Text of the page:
As you may imagine, I like to prepare this dish using spicy Italian sausages, but sweet Italian sausages work just as well! By cutting the sausages part way through the cooking time, we allow some of the tasty juices to escape in order to mix and mingle with the peppers and onions. The resulting dish simply oozes with delicious Italian flavors.

Roasted Sausage, Peppers, and Onions


  • 6 Italian Pork Sausages (spicy or sweet)
  • 3 Green Bell Peppers, thinly sliced
  • 2 Onions, thinly sliced
  • 2-3 Tablespoons Olive Oil


Preheat oven to 375 degrees. Toss the peppers and onions in the olive oil. Place in a baking dish. Arrange sausages on top of the peppers and onions. Cook for 20 minutes. Then, remove the baking dish from the oven, cut the sausages in half and place them back with the peppers and onions. Toss to combine the sausage halves with the peppers and onions. Continue cooking for another 30-40 minutes, occasionally tossing the mixture for even cooking. Serve over rice or create sandwiches on Italian bread with provolone cheese.

Serves about 4

Cranberry Orange Sauce, Super Stuffing, and Other Thanksgiving Sides

It’s Thanksgiving Week here at The Gourmand Mom. Yesterday we started talking about the side dishes; my personal favorite part of the Thanksgiving feast. Today, we’re going to continue looking at a few easy and delicious dishes to complete any Turkey Day buffet. We’ll start with a fresh cranberry sauce, accented with freshly squeezed orange juice and zest. Then, we’ll take a look at my favorite Sausage, Apple, and Leek Stuffing recipe. After that, we’ll take a glance back at several other previously-posted Gourmand Mom recipes which would work beautifully for this occasion. Pick and choose what works for you.

As a child, I was a jellied cranberry sauce girl, through and through. I can not tell a lie; I still love the stuff. But, over the years, I’ve also learned to love fresh, whole berry cranberry sauce. It’s delicious paired with a bite of turkey or spread on leftover turkey sandwiches. I’ve even used it to make cranberry linzer-style cookies and baked it with brie wrapped in puff pastry. Spread some on top of a cheesecake for a seasonal touch!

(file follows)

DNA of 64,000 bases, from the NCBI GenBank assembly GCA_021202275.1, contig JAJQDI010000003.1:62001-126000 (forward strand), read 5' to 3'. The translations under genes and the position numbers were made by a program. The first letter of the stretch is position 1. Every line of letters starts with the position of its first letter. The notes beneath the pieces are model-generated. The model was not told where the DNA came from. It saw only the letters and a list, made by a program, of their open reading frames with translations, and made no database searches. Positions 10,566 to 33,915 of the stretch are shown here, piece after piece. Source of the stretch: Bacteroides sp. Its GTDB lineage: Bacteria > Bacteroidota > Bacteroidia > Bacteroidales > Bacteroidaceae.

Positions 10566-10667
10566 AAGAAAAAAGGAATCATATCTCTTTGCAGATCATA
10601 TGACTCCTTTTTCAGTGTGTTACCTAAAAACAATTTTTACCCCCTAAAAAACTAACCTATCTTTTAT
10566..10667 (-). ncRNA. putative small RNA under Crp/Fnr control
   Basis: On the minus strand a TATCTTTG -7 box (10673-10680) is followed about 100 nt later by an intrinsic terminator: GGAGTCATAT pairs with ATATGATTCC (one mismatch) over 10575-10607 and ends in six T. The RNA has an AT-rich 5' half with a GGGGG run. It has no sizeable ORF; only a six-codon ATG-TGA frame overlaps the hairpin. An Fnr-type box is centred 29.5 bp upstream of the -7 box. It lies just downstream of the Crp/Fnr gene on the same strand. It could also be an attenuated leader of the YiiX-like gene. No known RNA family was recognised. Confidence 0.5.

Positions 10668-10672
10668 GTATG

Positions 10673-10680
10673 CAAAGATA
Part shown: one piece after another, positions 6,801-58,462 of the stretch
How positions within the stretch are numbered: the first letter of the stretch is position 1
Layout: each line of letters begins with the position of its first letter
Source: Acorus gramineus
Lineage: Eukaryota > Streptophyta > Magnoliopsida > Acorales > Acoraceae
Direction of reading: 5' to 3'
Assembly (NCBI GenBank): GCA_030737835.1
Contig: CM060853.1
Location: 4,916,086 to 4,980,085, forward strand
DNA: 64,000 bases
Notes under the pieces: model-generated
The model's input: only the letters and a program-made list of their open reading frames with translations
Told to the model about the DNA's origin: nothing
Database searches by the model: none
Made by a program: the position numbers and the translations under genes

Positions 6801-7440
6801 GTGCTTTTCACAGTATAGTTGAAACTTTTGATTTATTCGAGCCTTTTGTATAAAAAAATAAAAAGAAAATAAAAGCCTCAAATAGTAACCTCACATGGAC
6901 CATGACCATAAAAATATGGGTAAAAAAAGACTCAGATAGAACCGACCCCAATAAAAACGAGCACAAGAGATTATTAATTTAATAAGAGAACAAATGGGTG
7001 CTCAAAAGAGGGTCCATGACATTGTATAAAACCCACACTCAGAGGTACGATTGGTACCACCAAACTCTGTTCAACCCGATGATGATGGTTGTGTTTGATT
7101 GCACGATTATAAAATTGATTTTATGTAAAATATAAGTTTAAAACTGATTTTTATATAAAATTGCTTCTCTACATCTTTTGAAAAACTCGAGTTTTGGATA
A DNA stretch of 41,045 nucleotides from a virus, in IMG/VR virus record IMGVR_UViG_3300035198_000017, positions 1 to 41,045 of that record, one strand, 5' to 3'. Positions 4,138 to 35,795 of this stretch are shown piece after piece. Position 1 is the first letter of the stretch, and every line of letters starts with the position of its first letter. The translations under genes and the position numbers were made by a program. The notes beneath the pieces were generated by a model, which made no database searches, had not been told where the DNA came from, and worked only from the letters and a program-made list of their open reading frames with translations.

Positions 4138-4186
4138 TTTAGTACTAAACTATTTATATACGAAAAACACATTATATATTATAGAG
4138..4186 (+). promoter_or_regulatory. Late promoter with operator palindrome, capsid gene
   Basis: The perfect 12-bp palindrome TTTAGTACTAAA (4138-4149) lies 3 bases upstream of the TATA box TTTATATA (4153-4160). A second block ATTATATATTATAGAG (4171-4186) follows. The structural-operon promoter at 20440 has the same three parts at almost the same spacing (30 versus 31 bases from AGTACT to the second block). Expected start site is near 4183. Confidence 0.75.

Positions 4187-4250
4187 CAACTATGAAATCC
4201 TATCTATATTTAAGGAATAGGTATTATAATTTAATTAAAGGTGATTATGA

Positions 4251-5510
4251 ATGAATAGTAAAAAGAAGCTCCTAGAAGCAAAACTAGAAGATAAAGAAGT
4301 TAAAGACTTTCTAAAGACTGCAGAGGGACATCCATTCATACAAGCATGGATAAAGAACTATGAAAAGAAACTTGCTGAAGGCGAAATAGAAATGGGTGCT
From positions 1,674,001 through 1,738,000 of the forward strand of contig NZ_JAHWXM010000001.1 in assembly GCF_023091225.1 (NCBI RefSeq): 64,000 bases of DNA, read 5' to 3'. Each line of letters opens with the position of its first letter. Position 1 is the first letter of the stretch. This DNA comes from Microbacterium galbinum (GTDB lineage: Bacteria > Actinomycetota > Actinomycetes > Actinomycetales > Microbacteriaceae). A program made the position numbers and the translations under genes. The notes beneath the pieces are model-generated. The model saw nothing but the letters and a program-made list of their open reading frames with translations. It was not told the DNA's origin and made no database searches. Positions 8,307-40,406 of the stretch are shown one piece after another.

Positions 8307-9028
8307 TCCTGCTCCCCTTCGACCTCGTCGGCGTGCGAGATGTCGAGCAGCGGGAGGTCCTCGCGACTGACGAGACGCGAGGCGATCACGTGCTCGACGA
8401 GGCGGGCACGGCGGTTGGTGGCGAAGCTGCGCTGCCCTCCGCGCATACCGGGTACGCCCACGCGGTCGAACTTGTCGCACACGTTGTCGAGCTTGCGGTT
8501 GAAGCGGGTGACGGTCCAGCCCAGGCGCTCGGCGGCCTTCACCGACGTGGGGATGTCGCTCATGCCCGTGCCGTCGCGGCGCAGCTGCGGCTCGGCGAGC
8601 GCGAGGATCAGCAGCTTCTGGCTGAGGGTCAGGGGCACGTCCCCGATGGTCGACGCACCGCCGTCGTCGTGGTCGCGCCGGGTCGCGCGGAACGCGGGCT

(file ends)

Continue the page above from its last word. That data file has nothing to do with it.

Fresh cranberry sauce can be as simple as simmering cranberries in water with a bit of sugar or you can get creative incorporating other flavors. Most commonly, other fruit flavors are added, though I once made a cranberry sauce which featured caramelized onions. And I’ve got to admit that it was pretty spectacular. But, a cranberry-onion sauce might not be up everyone’s alley, so today we’re sticking with a basic Cranberry Orange Sauce. We’re replacing part of the water with fresh squeezed orange juice, then mixing in the zest of the orange skin. Simple and delicious.

Cranberry Orange Sauce


  • 1 12-ounce bag Fresh Cranberries
  • 3/4 cup Sugar
  • Juice from 2 Oranges (about 1/2 cup)*
  • 1/2 cup Water*
  • Zest from 1 Orange

*Use 1 cup of liquid total.


Rinse cranberries and carefully examine for any stems or overly mushy berries. Combine all ingredients in a saucepan over medium heat. Bring to a simmer. Lower heat and continue simmering for 10-12 minutes, stirring occasionally, until all cranberries have popped and the mixture has thickened. Remove from the heat and cool completely before serving.

The Stuffing